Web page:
Adverse health effects associated with inhalation of mercury vapor released by mercury-containing dental amalgam have not been systematically assessed in children. In this issue of JAMA, 2 groups of investigators report results of clinical trials in which children were randomly assigned to have dental restoration with either amalgam or mercury-free materials. Bellinger and colleaguesArticle assessed neuropsychological and renal function during a 5-year follow-up period and found no significant differences by type of dental restoration received. DeRouen and colleaguesArticle assessed memory, attention/concentration, and motor/visuomotor functions and nerve conduction velocities over 7 years of follow-up and found no differences between children in the amalgam group vs the resin group. In an editorial, NeedlemanArticle discusses the importance of investigating possible genetic vulnerability to mercury toxicity and molecular-level effects of mercury exposure before the safety of dental amalgam can be ensured.
Prior studies document that education and established cardiovascular disease are inversely related, but whether education is similarly related to subclinical cardiovascular disease is not clear. Yan and colleagues examined the association of educational attainment with the presence of coronary artery calcium (CAC), a marker of subclinical atherosclerosis, in young black and white urban-dwelling adult participants in a prospective study of coronary artery disease risk. The authors found that education was inversely related to the prevalence of CAC in early middle age. This association was partially explained by baseline cardiovascular risk factors and by risk factor changes over time.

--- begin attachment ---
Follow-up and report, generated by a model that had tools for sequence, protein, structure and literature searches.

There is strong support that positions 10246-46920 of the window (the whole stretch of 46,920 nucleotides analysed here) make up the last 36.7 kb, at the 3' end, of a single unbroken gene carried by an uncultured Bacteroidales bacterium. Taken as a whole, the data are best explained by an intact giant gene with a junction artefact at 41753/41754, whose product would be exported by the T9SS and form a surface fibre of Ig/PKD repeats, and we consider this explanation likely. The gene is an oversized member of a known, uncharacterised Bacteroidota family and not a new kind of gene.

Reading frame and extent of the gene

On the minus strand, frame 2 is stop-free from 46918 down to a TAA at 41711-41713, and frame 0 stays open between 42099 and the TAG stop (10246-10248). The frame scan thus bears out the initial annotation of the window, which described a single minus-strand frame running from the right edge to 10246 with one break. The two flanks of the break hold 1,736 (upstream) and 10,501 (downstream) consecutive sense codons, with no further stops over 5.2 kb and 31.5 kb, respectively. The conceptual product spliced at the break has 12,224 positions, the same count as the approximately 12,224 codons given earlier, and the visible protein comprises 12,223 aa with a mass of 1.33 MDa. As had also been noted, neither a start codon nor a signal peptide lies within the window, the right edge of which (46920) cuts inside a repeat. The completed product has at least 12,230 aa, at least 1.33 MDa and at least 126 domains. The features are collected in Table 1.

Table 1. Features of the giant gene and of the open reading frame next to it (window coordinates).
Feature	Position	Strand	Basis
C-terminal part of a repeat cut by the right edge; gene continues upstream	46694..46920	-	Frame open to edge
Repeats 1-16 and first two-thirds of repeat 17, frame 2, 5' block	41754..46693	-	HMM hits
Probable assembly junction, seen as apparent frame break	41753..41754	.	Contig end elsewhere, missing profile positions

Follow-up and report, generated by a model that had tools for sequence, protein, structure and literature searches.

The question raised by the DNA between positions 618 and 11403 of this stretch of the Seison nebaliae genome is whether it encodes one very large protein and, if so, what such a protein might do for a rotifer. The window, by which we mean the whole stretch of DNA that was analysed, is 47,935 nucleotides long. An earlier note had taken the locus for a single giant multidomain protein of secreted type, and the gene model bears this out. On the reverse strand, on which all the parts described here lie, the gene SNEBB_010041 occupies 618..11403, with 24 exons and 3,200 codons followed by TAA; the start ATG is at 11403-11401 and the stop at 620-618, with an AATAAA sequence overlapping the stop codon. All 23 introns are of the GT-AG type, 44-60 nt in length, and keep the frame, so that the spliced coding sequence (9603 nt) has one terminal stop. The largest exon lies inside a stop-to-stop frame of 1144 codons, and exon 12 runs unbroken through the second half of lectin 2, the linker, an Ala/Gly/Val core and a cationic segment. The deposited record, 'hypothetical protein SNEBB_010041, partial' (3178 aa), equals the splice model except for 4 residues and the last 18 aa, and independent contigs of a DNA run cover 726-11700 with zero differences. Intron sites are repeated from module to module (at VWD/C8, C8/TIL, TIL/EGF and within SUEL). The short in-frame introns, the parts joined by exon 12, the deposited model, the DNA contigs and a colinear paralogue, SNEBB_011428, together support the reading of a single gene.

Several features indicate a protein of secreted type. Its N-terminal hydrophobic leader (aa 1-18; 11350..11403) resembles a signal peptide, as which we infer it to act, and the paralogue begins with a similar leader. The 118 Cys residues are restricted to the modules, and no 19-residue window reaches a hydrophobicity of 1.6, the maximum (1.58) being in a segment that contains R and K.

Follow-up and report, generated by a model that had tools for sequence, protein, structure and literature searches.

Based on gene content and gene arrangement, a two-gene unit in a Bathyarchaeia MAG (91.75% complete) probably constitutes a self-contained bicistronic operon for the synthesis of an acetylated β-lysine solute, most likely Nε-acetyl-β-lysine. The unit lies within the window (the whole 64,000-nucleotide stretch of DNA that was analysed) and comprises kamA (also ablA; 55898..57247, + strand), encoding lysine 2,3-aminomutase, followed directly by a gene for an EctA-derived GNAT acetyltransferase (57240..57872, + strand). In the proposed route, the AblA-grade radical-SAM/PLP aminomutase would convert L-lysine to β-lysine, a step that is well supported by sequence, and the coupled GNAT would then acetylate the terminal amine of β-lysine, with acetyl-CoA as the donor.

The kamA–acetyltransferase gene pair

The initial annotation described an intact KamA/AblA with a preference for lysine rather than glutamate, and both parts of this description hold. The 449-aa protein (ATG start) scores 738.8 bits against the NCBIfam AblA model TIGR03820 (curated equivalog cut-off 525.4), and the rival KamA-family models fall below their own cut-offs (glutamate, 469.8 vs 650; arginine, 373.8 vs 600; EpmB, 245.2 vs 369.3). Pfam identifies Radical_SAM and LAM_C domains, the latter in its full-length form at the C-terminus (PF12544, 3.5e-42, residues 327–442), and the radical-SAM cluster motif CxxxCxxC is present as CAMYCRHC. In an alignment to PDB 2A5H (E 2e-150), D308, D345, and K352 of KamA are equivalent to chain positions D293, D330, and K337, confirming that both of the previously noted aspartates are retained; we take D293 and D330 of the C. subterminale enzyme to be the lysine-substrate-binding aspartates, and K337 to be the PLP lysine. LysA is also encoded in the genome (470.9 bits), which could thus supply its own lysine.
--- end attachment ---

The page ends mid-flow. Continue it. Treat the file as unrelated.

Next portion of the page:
Journals commonly report findings that are not yet suitable for direct clinical application, and physicians may find it challenging to keep current with the literature that does not have immediate value for their patients. Haynes and colleagues describe a demonstration project that involved second-order (postpublication) peer review by practicing clinicians. These reviewers rated the articles for relevance to specific clinical disciplines and for the presence of useful new information. They also developed an e-mail alert system to notify registered physicians of articles of potential interest to them.
Both long and short interpregnancy intervals have been associated with an increased risk of adverse perinatal outcomes, but few studies have controlled for possible confounding by maternal characteristics. In a meta-analysis of data from studies assessing birth spacing and perinatal outcomes, Conde-Agudelo and colleaguesArticle found that interpregnancy intervals shorter than 18 months and longer than 59 months are associated with increased risk of preterm, low-birth-weight, and small-for-gestational-age births. The authors found no diminution in risk when they controlled for a number of maternal and socioeconomic factors. In an editorial, RoyceArticle discusses the influences of country of birth, breastfeeding, maternal nutrition, and other factors on birth spacing.
Although studies suggest that women fare worse than men in the prevention, treatment, and outcome of stroke, some researchers say that the older age of onset of stroke in women helps explain this disparity.
Epidemiologic, pathophysiologic, and clinical evidence link estrogen and migraine headaches in women.
Information derived from existing and emerging models for assessing physician clinical performance is unlikely to be admissible evidence in malpractice litigation.
Join Donald M. Berwick, MD, MPP, on Wednesday May 17, 2006, from 2 to 3 PM eastern time to discuss the clinical implications of research results. To register, go to http://www.ihi.org/Authorintheroom.
Dr DeAngelis summarizes and comments on this week's issue. Go to http://jama.ama-assn.org/misc/audiocommentary.dtl.
For your patients: Information about medical journals.
This Week in JAMA . JAMA. 2006;295(15):1741. doi:10.1001/jama.295.15.1741